More than ever before, Afghanistan’s neighbours should heed the lessons of history and adopt policies of inclusion and cooperation with Afghanistan. Otherwise, a blanket Talibanisation of Afghanistan will mean anarchy for the region, in which case Islamabad, Tehran, Moscow, Delhi and Beijing should not be surprised to see the emergence of a modern-day Mohammad ibn Qasim, Mohammad of Ghor, Mahmod of Ghazni, Genghis Khan, Tamerlane, Babur, Nader Shah or Ahmad Shah Durrani. Some of these historical giants originated from Afghanistan, and some used the country as a military base and as a crossroads to redefine the entire character of the region spanning Central, West and South Asia. In the past, many thought that a repeat of history was impossible because they had developed cannons. Today, some believe the same thing because they have nuclear bombs. Nevertheless, these calculations were and remain wrong.
Al-Qa’ida and several of its affiliate groups have already issued statements congratulating the Taliban on their victory in Afghanistan. Will the Taliban prioritise the safety and societal progress of Afghans, or will they still engage with groups like Al-Qa’ida and potentially risk alienation from the international community, thereby reversing all that has been gained since 2001?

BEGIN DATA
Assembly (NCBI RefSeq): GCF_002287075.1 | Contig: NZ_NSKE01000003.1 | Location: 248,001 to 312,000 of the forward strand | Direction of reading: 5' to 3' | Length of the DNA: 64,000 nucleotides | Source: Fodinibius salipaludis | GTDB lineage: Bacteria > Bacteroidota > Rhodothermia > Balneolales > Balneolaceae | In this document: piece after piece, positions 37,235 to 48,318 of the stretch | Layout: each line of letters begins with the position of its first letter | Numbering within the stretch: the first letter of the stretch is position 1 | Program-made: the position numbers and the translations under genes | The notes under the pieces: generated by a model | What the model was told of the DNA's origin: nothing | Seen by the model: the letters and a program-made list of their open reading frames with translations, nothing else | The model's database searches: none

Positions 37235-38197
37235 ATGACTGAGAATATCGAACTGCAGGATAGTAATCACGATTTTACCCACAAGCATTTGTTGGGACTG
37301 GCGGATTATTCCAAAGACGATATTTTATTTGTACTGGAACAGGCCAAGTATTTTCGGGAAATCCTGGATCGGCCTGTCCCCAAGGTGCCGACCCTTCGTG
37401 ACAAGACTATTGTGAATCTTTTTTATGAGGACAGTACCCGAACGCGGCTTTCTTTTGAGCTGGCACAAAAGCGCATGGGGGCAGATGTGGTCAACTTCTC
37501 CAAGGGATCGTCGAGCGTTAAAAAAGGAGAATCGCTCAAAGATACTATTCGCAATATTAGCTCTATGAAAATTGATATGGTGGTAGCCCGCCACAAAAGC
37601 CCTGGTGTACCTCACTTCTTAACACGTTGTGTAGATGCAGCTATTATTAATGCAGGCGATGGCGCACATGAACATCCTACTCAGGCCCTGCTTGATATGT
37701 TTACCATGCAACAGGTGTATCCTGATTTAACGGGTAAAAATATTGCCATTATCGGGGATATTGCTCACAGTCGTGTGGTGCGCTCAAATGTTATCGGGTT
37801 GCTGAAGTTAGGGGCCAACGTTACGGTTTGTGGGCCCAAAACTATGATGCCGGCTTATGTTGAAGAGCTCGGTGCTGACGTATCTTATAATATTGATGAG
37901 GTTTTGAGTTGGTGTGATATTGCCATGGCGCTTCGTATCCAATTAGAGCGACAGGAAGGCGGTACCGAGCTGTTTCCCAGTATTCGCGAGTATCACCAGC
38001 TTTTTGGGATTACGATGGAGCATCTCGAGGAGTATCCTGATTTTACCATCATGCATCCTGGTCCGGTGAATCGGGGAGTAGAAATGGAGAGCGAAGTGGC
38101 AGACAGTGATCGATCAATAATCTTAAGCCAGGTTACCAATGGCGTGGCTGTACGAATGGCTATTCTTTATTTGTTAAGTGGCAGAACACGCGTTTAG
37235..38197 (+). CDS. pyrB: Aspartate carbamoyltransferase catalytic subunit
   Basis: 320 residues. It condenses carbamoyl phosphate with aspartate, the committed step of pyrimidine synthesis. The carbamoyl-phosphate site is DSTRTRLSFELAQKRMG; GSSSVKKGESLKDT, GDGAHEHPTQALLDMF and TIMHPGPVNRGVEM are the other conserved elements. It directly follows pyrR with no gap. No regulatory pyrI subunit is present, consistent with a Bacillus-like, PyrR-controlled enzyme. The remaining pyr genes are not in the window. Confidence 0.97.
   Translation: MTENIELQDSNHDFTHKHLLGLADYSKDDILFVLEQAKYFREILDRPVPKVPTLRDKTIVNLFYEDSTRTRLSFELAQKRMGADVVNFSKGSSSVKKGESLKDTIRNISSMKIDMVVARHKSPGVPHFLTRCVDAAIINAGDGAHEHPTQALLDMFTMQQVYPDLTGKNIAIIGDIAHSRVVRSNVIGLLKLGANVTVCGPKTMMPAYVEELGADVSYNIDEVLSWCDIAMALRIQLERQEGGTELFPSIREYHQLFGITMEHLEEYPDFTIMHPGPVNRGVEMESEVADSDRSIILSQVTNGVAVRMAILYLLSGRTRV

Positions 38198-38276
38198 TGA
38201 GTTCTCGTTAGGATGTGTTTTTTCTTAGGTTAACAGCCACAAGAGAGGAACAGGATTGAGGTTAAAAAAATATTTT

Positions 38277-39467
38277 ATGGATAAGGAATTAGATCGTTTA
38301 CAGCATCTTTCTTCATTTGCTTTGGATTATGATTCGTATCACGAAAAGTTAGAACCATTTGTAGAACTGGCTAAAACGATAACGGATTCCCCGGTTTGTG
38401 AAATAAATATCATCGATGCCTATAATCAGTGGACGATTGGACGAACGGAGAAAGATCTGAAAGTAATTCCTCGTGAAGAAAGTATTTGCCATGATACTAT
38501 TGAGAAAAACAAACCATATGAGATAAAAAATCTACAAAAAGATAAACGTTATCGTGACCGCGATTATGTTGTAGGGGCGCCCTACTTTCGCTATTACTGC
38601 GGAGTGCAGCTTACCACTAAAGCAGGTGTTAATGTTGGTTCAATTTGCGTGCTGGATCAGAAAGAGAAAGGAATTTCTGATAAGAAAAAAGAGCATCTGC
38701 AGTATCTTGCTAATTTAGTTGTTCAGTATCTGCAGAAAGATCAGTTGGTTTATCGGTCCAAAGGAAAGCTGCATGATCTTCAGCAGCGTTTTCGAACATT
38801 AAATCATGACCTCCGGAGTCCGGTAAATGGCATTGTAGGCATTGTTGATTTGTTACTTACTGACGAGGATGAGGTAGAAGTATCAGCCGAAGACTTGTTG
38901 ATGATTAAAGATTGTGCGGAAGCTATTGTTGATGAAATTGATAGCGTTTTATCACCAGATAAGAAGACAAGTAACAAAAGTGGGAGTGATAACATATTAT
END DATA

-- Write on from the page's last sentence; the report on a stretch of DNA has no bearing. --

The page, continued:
In the same manner, Afghanistan’s neighbours who remain passive in the face of the country’s potential regression and who continue to engage in proxy wars on Afghan soil would do well to draw lessons from history and adopt a genuine policy of cooperation and development in Afghanistan – one that sees the country as a regional hub for connectivity and trade, not as a battlefield of conflicting political interests. Supporting Afghanistan in such a positive direction is not only the right thing to do, but it would also ensure that the war-torn country finally has a chance to live in peace and, most importantly, to become a partner in regional growth and stability. But if history is ignored and the same old game of using Afghanistan as a theatre of military and political competition continues, the result could be unprecedented chaos. In this context, Afghanistan’s neighbours would be wise to reflect on the words of a British military commander in the 19th century, who warned that ‘however successful an Afghan operation can be from a military point of view, it would not fail to turn out to be politically useless’.